Slowing down and resetting your brain during a stressful or jam-packed day can translate into a better ability to focus on what you need to do next without any distractions. As little as 15 minutes of mindful reflection on your body, lifestyle and mental state can have significant benefits on your well being and health. Mindfulness enhances (and supports) your emotional intelligence, increases your overall feelings of well-being
Your Body can Fight Stress Better When You Exercise Regularly
Exercise and other physical activity produce endorphins—chemicals in the brain that act as natural painkillers—and also improve the ability to sleep, which in turn reduces stress. Meditation, acupuncture, massage therapy, even breathing deeply can cause your body to produce endorphins. Regular physical activity can improve quality of life and relieve stress, tension, anxiety, and depression. You may notice a “feel good” sensation immediately following your workout and also see an improvement in overall well-being over time as physical activity becomes a regular part of your life.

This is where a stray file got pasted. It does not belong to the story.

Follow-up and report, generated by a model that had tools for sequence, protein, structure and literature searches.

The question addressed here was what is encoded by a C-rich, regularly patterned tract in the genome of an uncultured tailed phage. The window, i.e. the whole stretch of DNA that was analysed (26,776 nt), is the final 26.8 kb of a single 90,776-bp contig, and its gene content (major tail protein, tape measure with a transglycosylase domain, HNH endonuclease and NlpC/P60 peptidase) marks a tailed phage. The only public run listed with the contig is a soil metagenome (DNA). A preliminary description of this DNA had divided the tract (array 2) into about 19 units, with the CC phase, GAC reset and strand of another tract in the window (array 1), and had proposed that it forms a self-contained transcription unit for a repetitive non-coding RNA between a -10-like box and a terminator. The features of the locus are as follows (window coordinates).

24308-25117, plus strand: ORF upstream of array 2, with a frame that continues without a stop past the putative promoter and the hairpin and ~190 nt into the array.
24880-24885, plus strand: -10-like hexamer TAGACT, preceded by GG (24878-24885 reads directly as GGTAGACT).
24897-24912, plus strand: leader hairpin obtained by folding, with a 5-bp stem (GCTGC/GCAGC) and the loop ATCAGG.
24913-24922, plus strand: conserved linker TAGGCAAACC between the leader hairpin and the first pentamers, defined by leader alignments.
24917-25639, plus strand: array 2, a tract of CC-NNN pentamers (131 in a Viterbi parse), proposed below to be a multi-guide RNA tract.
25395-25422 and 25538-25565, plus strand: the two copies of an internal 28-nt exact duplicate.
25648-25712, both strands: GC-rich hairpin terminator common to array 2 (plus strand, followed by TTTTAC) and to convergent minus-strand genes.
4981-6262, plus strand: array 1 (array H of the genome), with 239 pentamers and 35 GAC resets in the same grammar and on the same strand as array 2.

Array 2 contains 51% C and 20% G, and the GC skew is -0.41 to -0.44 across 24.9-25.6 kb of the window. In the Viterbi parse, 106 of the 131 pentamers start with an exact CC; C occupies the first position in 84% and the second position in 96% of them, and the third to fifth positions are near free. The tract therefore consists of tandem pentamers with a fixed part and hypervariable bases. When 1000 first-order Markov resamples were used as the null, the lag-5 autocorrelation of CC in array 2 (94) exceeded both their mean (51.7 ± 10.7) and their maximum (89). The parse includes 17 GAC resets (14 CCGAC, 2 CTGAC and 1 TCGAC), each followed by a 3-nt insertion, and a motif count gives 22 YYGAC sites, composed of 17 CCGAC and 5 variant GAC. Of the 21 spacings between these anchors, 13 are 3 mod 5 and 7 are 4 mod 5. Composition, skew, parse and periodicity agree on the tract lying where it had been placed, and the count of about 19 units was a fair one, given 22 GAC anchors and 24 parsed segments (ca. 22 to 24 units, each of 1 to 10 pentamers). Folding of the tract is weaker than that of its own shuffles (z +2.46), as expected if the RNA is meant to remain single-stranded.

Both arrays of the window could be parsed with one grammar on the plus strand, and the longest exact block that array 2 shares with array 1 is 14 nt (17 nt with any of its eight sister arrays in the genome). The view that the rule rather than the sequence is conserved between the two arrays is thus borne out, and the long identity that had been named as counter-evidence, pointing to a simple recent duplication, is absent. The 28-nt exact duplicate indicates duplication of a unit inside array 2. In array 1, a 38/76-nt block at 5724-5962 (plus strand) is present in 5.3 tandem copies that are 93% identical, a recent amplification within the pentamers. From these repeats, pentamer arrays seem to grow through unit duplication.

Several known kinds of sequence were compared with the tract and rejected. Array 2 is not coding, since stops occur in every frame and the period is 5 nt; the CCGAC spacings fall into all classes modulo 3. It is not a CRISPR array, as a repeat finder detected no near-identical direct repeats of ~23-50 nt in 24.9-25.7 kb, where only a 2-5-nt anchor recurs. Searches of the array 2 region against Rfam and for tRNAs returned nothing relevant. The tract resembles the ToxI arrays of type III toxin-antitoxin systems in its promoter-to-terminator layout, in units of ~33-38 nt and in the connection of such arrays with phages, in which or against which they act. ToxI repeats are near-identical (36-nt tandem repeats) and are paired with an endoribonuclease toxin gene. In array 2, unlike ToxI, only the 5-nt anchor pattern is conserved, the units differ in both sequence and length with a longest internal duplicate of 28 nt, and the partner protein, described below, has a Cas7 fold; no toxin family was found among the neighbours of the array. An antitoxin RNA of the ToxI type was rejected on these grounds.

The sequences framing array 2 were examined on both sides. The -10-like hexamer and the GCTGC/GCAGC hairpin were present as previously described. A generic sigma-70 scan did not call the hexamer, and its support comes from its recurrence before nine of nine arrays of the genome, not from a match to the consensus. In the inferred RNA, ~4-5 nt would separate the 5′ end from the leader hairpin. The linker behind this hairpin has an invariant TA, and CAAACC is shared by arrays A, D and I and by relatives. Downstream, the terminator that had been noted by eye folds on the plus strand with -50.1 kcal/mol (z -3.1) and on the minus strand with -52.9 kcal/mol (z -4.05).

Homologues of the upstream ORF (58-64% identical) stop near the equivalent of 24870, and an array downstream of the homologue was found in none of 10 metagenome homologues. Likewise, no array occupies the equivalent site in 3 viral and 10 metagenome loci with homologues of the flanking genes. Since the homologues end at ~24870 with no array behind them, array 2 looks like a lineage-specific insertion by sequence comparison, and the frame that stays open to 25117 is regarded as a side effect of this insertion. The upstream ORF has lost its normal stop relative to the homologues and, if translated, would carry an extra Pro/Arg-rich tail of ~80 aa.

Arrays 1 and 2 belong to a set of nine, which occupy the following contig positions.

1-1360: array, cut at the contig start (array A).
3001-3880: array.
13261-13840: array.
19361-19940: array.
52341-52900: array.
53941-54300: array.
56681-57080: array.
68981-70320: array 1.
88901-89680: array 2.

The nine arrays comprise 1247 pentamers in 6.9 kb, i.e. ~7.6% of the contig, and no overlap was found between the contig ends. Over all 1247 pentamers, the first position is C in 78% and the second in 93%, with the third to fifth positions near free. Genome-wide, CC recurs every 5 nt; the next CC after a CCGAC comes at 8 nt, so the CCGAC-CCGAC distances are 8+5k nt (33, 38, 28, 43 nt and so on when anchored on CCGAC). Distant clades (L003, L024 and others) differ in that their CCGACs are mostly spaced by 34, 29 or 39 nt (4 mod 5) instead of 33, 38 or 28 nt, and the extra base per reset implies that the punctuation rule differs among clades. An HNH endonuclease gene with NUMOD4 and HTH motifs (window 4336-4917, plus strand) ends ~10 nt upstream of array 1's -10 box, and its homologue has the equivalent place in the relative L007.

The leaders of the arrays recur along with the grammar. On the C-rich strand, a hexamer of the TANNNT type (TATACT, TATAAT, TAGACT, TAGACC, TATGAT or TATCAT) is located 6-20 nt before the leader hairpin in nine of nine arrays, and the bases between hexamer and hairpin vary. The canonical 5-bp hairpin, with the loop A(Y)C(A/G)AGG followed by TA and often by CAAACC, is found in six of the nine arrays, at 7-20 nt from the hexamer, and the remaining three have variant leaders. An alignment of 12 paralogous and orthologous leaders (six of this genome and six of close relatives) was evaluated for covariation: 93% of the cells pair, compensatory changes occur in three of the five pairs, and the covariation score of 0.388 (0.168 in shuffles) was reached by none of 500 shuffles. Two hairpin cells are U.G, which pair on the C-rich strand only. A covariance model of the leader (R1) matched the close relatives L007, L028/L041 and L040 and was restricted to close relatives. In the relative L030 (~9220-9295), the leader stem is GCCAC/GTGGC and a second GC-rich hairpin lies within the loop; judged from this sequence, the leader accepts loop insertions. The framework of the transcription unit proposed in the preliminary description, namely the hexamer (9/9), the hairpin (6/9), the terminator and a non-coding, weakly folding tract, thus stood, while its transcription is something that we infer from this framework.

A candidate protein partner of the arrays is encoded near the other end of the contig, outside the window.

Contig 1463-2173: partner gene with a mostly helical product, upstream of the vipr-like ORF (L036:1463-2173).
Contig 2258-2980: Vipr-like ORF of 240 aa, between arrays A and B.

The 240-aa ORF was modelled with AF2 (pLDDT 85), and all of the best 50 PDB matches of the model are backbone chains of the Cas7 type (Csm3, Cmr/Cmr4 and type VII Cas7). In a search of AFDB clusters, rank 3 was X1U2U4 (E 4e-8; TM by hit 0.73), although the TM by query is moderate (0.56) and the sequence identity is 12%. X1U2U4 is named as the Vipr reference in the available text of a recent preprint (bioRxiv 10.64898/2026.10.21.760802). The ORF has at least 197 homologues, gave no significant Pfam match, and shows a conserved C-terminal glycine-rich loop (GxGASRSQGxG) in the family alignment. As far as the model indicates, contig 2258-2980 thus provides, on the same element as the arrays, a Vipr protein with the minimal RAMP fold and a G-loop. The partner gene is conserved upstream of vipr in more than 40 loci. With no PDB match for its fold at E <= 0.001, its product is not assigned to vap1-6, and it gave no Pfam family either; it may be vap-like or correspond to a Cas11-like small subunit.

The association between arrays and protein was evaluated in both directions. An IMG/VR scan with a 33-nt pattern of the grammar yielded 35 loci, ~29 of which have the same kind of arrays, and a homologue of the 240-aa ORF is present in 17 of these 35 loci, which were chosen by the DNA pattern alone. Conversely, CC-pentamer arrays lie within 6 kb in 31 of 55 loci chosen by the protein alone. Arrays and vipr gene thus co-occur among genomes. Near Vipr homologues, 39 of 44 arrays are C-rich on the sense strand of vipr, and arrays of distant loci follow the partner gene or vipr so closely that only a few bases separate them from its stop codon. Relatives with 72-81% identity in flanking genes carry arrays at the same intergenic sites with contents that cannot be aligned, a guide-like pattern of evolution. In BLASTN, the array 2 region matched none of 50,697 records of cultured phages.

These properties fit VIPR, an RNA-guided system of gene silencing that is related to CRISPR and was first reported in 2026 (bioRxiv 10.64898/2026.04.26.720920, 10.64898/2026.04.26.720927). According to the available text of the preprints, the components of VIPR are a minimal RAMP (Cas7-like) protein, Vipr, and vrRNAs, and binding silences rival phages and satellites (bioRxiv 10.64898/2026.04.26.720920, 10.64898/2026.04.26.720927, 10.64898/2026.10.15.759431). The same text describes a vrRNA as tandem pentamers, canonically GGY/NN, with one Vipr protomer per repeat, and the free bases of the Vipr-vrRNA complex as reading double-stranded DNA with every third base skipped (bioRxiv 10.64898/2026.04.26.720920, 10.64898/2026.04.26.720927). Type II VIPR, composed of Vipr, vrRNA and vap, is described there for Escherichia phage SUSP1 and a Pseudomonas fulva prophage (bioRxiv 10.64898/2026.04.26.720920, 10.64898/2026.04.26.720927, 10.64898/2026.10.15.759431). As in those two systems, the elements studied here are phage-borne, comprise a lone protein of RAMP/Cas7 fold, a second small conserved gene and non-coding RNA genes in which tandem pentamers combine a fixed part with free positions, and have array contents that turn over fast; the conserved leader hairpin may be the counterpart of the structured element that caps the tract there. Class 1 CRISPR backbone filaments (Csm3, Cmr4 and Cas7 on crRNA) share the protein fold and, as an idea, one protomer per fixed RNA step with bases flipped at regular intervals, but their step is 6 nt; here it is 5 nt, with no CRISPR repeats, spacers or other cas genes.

Maintain a Well-Balanced Diet
A well-balanced diet and good nutrition is key for reducing stress. When our bodies are poorly fed, stress takes an even greater toll on our health. When we eat an unhealthy diet, we may experience short-term and long-term consequences. We may feel less energetic, and this lack of energy can affect our productivity and stress levels. We may be less able to fight off sickness, and this poor health can affect our quality of life and our stress levels. We may be short-tempered or overly-emotional, and this can affect our relationships and our stress levels.